Insurance claim: Surveyor’s word not final

Last year, my car got stolen. I lodged a complaint with the police and also intimated the insurance company. Three months after this, the police found my car abandoned in a field. When I finally got possession of the car, I was extremely pained to see its condition. The thieves had obviously used it badly and it required extensive repairs. However, the insurance company is offering an amount much below the actual cost of repairs on the ground that it was based on their surveyor’s report. Can I challenge the surveyor’s report before the consumer court?

Yes, you certainly can. But first write to the insurance company, giving reasons for your disagreement with the estimate of the surveyor. Submit all the bills and I do not see why the insurer should not agree to pay your claim.

In fact, in New India Assurance Company Ltd Vs Pradeep Kumar (Civil Appeal No 3253 of 2002, dated April 9, 2009), the Supreme Court referred to Section 64 UM (2) of the Insurance Act and observed that even though the assessment of loss by an approved surveyor is a pre-requisite for settlement of claim of Rs 20,000 or more, a surveyor’s report is not the last and the final word. Even though it is the basis for settlement of claim, it is not sacrosanct and it is not binding on the insurer or the insured, the apex court said.

In this case too, following an accident that completely damaged an open body truck, the insurance company offered to pay Rs 63,771 on the basis of the estimate of the two surveyors appointed by it and argued that the surveyor’s estimate was sacrosanct. Since the insured had incurred an expense of Rs 1,58,409 on the repairs, he refused to accept this amount and sought the intervention of the consumer court, which, on the basis of the bills submitted by him, directed the insurer to pay Rs 1,58,409 along with 12 per cent interest. This was upheld by the Supreme Court.

So, you can get justice through the consumer courts, but I would suggest that you try the Insurance Ombudsman first as the process there is much quicker and simpler.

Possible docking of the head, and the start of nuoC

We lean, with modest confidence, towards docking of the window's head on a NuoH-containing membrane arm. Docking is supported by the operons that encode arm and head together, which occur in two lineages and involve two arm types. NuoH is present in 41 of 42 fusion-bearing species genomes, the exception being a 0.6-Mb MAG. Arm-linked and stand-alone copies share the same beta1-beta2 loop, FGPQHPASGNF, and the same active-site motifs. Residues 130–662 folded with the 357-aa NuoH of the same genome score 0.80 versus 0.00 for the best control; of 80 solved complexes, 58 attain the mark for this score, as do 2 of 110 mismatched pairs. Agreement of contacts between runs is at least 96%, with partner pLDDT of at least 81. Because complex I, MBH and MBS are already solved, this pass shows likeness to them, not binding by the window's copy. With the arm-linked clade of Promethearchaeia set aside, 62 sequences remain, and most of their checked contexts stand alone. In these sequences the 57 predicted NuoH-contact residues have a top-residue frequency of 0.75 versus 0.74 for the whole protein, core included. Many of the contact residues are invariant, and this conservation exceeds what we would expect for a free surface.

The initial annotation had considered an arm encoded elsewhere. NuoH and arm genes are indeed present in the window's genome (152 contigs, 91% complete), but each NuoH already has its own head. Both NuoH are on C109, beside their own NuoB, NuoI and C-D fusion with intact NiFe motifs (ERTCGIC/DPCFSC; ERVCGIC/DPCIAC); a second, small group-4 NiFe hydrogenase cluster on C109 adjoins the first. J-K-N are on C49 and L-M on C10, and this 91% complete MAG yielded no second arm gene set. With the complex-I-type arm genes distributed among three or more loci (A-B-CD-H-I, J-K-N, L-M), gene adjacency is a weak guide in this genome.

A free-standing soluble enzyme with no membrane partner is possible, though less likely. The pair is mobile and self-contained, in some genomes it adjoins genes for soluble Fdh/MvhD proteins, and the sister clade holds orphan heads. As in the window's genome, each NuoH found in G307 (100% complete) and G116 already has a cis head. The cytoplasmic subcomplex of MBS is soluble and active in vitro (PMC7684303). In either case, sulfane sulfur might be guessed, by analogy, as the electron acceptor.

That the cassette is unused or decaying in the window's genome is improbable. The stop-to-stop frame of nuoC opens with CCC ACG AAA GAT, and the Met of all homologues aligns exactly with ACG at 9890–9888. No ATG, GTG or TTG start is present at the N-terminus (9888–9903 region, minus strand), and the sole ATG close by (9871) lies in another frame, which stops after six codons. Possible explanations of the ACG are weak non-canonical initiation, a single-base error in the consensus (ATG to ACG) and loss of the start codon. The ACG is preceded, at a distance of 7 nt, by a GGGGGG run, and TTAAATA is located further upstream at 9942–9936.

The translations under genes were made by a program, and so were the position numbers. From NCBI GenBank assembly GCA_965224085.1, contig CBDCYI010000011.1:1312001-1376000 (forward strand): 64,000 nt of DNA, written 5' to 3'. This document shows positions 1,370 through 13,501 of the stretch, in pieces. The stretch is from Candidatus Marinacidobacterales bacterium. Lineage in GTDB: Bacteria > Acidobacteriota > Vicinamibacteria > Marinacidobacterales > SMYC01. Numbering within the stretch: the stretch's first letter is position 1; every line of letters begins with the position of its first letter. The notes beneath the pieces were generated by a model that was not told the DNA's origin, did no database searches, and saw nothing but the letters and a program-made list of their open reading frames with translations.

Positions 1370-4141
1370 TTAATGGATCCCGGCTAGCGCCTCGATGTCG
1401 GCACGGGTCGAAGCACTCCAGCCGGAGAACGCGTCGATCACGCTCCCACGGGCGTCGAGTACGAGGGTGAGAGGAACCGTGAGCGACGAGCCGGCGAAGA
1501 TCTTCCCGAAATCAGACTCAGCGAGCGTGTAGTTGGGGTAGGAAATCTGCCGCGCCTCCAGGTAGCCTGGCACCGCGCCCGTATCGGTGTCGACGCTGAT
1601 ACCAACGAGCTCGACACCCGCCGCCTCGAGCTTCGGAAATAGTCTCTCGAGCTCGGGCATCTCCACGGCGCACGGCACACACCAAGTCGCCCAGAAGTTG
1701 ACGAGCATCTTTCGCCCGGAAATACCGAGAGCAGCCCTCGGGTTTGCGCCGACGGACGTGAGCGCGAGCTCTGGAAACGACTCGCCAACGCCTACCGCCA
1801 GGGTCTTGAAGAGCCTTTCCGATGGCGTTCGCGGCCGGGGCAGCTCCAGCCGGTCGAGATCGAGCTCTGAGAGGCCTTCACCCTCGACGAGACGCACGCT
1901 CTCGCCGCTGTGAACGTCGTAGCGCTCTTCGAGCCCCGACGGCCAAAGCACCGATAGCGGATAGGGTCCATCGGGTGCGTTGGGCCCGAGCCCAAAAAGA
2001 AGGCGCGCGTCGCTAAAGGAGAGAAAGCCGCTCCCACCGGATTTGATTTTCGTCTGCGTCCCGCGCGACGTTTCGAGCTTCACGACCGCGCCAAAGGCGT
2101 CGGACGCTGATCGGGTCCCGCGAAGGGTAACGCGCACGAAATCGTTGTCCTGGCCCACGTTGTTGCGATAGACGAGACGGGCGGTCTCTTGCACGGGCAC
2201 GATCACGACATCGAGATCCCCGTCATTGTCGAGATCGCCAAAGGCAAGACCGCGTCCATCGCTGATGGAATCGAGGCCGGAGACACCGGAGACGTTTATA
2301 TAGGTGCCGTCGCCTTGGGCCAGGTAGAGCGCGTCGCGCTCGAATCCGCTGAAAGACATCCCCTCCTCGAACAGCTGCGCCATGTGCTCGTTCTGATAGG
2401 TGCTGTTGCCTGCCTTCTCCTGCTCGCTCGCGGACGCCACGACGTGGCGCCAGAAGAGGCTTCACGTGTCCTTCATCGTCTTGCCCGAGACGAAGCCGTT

Can you quote an order of the apex consumer court to help me with my case?

The Supreme Court judgement that I have mentioned above will help you in your claim. I can also quote for your reference, an order of the National Consumer Disputes Redressal Commission delivered on January 4, 2019.

Like yours, this was also a case of theft of a vehicle, Tata 2515, insured for Rs 18 lakh. On March 18, 2011, the vehicle was stolen and later recovered by the police after nearly five months. In response to the vehicle owner’s claim, the insurance company sent its surveyor, who assessed the loss at Rs 1,03,650 and the insurance company offered to pay Rs 1 lakh.

Disagreeing with the surveyor’s estimate, the owner filed a complaint before the District Consumer Disputes Redressal Forum, which directed the insurer to pay Rs 1,03,650 along with 9 per cent interest calculated from the date of filing the complaint and Rs 50,000 as compensation and Rs 5,000 as litigation expense. Both the owner and the insurer filed appeals before the State Consumer Disputes Redressal Commission, which observed that the surveyor had not considered the damage to the gear box assembly, front and back tyres, etc., while assessing the damage and directed the insurer pay in addition to Rs 1,03650, an amount of Rs 3,50,000 towards these damages, along with 9 per cent interest. It, however, reduced the compensation from Rs 50,000 to Rs 10,000.

The National Commission, in response to the revision petition filed by the insurer, observed that the surveyor had disallowed the just claim in respect of the gearbox assembly and the propeller shaft, costing Rs 1,65,000 and Rs 13,800 and this needed to be paid. As for the tyres, it referred to the policy conditions and a Supreme Court judgement which said that parts that required to be replaced due to normal wear and tear were excluded from the claim.

So it reduced the additional amount of Rs 3,50,000 awarded by the State Commission to Rs 1.788 lakh, along with 9 per cent interest.(Shriram General Insurance company Ltd Vs Suresh Kumar, RP NO 598 of 2015)

So a surveyor’s report can be amended, if it is not just and reasonable.

[“source=tribuneindia”]